Activated OVA-specific CD8+ T cells were generated using LN cells from OT-I mice on (a) a B6 RAG-1–deficient background, (b) an lpr background, or (c) from OT-I.bm1 bone marrow into B6 chimeras. Cells were cultured at 2.5 × 105 cells/ ml for 6 d in 30 ml RPMI containing 10% FCS, 50 μM 2-ME, 2 mM l-glutamine, and 2.5 × 106 cells/ml irradiated syngeneic spleen cells coated with OVA257–264 at 0.1 μg/ml. On day 3, cultures were diluted twofold with RPMI containing 10% FCS, 50 μM 2-ME, 2 mM l-glutamine, and 20 U/ml rIL-2. To remove any contaminating B cells or CD4+ T cells, 6 d–activated OT-I cells were exposed to a mixture containing anti-HSA (J11d) and anti-CD4 (RL172) mAb supernatants for 30 min at 4°C and then treated with rabbit C for 20 min at 37°C. Cells were washed three times in HEM with 2.5% FCS and filtered through nylon mesh, and in some experiments, activated OT-I cells were purified further by passage over nylon wool. Finally, 5 × 105 activated OT-I cells were cultured together with a total of 5 × 105 cells consisting of a 1:1 mixture of B6 to bm1 B cells in 200 μl RPMI containing 10% FCS, 50 μM 2-ME, and 2 mM l-glutamine. Before in vitro culture, the mixture of B6 plus bm1 B cells was coated with OVA257–264 at 0.1 μg/ml or left uncoated. Up to six replicate cultures were set up for each T cell–B cell combination. 15 h later, the cells from each well were recovered and analyzed by flow cytometry using anti-B220–FITC (6B2) and anti-Kb (5-F-1)–biotin followed by Streptavidin-PE (Caltag Laboratories, Inc., San Francisco, CA).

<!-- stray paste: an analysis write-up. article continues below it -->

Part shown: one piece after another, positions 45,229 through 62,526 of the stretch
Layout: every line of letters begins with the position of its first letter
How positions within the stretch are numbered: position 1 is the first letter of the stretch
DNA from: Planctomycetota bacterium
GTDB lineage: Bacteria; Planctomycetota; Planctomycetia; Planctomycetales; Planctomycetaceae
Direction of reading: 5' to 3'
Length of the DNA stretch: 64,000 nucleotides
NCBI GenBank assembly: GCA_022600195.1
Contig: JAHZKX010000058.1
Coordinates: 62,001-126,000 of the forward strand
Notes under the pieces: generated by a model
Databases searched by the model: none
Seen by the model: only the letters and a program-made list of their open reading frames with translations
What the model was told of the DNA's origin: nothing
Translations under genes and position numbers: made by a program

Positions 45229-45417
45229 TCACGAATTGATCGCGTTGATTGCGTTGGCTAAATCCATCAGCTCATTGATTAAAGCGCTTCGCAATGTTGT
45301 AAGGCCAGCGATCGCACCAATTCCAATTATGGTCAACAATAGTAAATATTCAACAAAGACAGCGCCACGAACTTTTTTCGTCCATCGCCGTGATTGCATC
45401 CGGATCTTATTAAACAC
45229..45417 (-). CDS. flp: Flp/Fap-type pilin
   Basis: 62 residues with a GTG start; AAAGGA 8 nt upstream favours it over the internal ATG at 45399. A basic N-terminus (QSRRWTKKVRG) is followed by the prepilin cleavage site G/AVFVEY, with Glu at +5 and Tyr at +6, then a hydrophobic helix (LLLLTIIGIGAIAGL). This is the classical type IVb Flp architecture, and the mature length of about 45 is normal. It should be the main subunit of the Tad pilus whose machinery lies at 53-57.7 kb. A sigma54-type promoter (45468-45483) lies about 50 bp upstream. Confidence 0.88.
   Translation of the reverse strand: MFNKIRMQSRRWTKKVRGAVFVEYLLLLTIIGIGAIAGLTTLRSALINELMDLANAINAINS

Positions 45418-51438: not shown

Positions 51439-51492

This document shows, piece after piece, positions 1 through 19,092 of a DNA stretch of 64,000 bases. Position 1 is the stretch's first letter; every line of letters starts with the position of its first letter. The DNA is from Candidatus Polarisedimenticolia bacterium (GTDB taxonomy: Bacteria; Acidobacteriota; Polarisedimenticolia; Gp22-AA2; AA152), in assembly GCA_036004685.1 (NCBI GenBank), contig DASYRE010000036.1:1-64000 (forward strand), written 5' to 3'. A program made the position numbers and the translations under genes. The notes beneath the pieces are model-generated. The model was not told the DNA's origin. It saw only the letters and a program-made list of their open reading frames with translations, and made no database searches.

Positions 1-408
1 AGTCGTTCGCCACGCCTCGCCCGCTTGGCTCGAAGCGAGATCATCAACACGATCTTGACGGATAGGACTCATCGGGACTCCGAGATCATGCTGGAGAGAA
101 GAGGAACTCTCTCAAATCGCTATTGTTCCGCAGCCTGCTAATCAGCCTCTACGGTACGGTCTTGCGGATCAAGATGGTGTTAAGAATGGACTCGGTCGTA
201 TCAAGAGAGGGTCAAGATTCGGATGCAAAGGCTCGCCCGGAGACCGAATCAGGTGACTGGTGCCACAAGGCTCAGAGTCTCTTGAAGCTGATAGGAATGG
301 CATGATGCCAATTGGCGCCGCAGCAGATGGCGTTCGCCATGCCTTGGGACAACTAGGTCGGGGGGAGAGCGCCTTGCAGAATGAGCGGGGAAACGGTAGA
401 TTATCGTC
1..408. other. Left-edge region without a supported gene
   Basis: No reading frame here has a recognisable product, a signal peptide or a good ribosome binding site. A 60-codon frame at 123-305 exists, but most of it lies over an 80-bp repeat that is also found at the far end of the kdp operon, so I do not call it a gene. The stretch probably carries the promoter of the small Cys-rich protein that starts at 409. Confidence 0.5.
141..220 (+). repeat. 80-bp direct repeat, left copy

Adoptive Transfer Experiments.

OT-I T cells were prepared as described previously (20). 4–7 × 106 OT-I cells were injected intravenously into (B6 × B6.Kathy)F1 host mice 1 d before immunization with 10–15 × 106 B cells. The LNs and spleen of each mouse were analyzed by flow cytometry on day 3, 7, or 14 after the initial B cell immunization using anti-Thy1.1–FITC (OX-7; PharMingen, San Diego, CA), anti-CD8–PE (CT-CD8a; Caltag Laboratories, Inc.), and anti-Vα2 (B20.1)–biotin followed by Streptavidin–Tri-color (Caltag Laboratories, Inc.). The number of OT-I cells was determined for each organ by multiplying the cell number by the percentage of Thy1.1CD8+Vα2+ cells. For individual litters, the background number of Thy1.1CD8+Vα2+ cells of a control littermate that did not receive an injection of OT-I cells was subtracted from the number of CD8 + Thy1.1Vα2+ cells found in the same organ of each test host mouse. To measure the CTL function of adoptively transferred OT-I cells, 5, 2.5, 1.25, 0.63, 0.31, or 0.16 × 105 LN cells from the (B6 × B6.Kathy)F1 host mice were cultured in triplicate with 5 × 105 irradiated, OVA-loaded spleen cells in 200 μl RPMI containing 10% FCS, 50 μM 2-ME, and 2mM l-glutamine. The number of OT-I responders per well was calculated by multiplying the number of LN cells by the percentage of Thy1.1 CD8+Vα2+ cells as determined by flow cytometry. After 5 d, the cytotoxicity of each well was assessed on 104 51Cr-labeled EL4 cells alone or EL4 cells coated with 1 μg/ml OVA257–264 during 51Cr labeling as described (19).